Why Does Fat Accumulate Around My Belly?

A large middle is a sign of increased health risks.
Image Credit: Markus Guhl/Photographer's Choice/Getty Images

Call it your "muffin top," "middle-age spread," "jelly rolls" or "apron," but there's nothing harmless about belly fat. Excessive belly fat puts you at a high risk of developing chronic disease. Men with a waist larger than 37 inches and women with one larger than 31.5 inches should be concerned about the potential health consequences. Understanding why your belly expands can help you take measures to shrink it.


Dangers of Belly Fat

Increased belly fat correlates with increased risk of metabolic syndrome, cardiovascular disease and type 2 diabetes. Women with a lot of belly fat are more likely to develop breast cancer or need gallbladder surgery.

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Subcutaneous fat, which lies just below the skin and usually is found at the hips and thighs, doesn't act metabolically like visceral fat does. The deep-lying belly fat surrounds internal organs and releases inflammatory compounds that negatively affect your system.


Hormonal Causes of Belly Fat

In men, testosterone drives the development of belly fat. Even in a man's youth, he's putting down visceral fat cells, but high levels of testosterone often keep them from expanding. As he ages and testosterone naturally decreases, these fat cells expand, and his belly grows.

In women, fat is usually concentrated in the hips, thighs and buttocks to support childbirth and breastfeeding. But as she ages and estrogen production decreases, much of that fat redistributes to the belly, forming visceral fat.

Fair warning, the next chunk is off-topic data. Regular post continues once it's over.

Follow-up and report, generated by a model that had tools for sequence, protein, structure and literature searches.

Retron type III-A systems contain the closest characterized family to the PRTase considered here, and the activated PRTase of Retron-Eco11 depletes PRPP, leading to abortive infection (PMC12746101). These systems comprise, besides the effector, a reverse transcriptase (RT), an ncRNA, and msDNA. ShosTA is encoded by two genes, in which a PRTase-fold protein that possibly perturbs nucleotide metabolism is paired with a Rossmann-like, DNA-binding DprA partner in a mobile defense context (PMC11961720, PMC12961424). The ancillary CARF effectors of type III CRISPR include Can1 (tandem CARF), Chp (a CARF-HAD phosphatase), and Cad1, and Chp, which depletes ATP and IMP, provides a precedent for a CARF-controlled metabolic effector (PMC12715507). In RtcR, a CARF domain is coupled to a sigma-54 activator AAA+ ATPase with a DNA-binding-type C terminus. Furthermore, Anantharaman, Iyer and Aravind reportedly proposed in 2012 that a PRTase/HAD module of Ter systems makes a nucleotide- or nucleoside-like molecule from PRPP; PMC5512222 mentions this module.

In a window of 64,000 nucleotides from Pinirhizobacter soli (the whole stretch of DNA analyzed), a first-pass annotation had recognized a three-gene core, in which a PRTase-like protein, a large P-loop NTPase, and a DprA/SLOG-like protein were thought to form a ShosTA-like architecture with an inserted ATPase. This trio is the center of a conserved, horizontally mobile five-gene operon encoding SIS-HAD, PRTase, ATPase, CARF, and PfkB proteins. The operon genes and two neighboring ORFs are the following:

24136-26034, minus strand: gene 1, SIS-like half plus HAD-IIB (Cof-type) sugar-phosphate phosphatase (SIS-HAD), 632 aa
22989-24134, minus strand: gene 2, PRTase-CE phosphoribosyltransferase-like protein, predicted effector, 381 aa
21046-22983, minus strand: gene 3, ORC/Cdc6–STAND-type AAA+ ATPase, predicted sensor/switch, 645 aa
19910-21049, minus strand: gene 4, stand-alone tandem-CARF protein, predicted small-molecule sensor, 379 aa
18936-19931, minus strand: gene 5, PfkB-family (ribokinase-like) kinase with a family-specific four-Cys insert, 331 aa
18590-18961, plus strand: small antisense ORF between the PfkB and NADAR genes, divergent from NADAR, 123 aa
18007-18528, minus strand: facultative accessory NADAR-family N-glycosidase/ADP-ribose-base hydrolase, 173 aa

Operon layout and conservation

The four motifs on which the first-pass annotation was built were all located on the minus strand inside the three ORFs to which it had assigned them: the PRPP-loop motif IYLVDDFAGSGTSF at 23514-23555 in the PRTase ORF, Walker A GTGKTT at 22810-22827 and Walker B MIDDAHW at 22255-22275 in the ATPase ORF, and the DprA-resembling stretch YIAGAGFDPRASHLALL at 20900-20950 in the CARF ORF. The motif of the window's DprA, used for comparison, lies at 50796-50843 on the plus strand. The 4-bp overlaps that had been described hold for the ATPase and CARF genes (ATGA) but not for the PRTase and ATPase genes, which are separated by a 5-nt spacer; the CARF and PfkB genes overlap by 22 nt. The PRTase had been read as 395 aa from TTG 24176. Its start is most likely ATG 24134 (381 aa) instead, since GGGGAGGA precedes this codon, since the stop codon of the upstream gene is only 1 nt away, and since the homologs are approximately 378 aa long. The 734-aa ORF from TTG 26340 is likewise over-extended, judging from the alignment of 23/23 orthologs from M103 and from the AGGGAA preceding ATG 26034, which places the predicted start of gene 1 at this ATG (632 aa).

Dietary Reasons for Belly Fat

Belly fat can accumulate at any age, though, especially if you make poor dietary choices. Too many calories from anything can cause your middle to expand. Too much saturated fat, found in full-fat dairy and fatty cuts of meat, and trans fats, found in some processed foods, can contribute to visceral fat development.

A diet heavy in refined sugar and grains often correlates with a larger waist size. A study published in a 2009 issue of the Journal of Clinical Investigation found that people who consumed fructose-sweetened soft drinks were more likely to have visceral belly fat. Even diet soda drinkers could be at risk. A study published in a 2015 issue of the Journal of the American Geriatrics Society detected an association between consuming diet soda daily and increased abdominal girth.


Refined grains, such as white bread and pasta, can also contribute to belly fat. A study in a 2010 issue of the American Journal of Clinical Nutrition showed a correlation between increased refined grain intake and the development of belly fat. Choose whole grains, such as brown rice or barley, instead, to help keep your visceral fat growth at bay.


Lifestyle Encourages a Fat Belly

According to the Rush University Medical Center, a lack of physical activity encourages the buildup of belly fat. Be more active regularly, by choosing the stairs over the elevator or parking farther out in the lot, but also by consciously exercising most days. The Centers for Disease Control and Prevention recommends you exercise at least 150 minutes per week at a moderate intensity. Increase that level of exercise to experience more benefits, which include reduced accumulation of belly fat and disease risk.


Getting too little or too much sleep, less than 5 hours or more than 8 hours per night, also correlates with extra belly fat. Being under too much stress, whether it's from bills or strict work deadlines, causes your body to pump out more of the hormone cortisol. Cortisol has an effect on where you store your fat and, in many people, it leads to the development of visceral fat.



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